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      I Am Physically and Personality-Wise Warmer When Wearing Round Eyeglasses: Shape Priming Influences Personality Judgments and Estimated Temperature

      * , a , , b
      Psychological Thought
      metaphor, embodied cognition, warmth, competence, eyeglasses

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          Shapes are considered to be related to different personality traits, and particularly, in terms of metaphorical associations, the round shape has been related to the warmth trait, and the square shape to the competence trait. The present study used a pre-post design to replicate these associations. Moreover, it was investigated whether round shapes enhanced the estimation of physical warmth as suggested by contemporary debates on cross-modal correspondences. The results indicated that the round shape increased the perception of warmth (p = .004) and the square shape enhanced the perception of competence (p = .025), which confirmed round-warm and square-competent associations. Furthermore, estimates of the room temperature were higher in the round condition, compared to the square condition (p = .023). The theoretical implications of these findings and directions for further research are discussed.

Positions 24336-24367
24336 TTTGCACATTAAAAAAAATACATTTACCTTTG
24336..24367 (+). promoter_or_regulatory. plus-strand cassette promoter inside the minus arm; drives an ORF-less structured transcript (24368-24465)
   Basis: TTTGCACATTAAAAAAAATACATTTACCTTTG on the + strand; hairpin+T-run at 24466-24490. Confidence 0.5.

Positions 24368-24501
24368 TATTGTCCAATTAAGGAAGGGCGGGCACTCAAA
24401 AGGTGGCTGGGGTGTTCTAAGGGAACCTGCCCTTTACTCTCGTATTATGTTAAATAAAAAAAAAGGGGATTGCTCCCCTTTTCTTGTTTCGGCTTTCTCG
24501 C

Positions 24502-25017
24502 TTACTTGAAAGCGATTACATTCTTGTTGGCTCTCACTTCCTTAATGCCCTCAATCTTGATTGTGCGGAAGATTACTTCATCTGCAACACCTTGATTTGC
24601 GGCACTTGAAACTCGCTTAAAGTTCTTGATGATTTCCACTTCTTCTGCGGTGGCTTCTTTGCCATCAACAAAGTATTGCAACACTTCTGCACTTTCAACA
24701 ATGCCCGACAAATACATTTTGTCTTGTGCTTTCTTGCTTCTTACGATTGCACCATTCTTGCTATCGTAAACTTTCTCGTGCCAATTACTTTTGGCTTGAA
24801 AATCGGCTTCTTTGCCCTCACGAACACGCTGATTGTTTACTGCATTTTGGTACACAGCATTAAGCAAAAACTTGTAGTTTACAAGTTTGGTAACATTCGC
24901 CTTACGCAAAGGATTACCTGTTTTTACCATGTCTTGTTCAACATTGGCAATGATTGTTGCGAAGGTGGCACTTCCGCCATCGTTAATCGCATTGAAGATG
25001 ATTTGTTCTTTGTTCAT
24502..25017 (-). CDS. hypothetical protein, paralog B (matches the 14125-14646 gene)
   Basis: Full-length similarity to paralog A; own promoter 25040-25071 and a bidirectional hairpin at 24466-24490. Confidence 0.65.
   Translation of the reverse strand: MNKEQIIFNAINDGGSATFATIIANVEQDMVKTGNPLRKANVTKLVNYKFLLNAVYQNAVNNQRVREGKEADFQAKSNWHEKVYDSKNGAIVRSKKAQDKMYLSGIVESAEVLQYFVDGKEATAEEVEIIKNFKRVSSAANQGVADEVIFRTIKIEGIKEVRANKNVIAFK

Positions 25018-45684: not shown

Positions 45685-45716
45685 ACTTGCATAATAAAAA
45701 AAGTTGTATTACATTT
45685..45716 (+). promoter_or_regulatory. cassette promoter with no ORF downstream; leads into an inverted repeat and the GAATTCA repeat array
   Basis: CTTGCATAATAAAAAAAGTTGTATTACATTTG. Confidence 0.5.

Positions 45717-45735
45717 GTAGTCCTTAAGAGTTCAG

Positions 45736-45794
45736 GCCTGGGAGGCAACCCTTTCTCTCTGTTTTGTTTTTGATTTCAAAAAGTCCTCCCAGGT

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          Most cited references23

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          Judgment under Uncertainty: Heuristics and Biases.

          This article described three heuristics that are employed in making judgements under uncertainty: (i) representativeness, which is usually employed when people are asked to judge the probability that an object or event A belongs to class or process B; (ii) availability of instances or scenarios, which is often employed when people are asked to assess the frequency of a class or the plausibility of a particular development; and (iii) adjustment from an anchor, which is usually employed in numerical prediction when a relevant value is available. These heuristics are highly economical and usually effective, but they lead to systematic and predictable errors. A better understanding of these heuristics and of the biases to which they lead could improve judgements and decisions in situations of uncertainty.
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            Crossmodal correspondences: a tutorial review.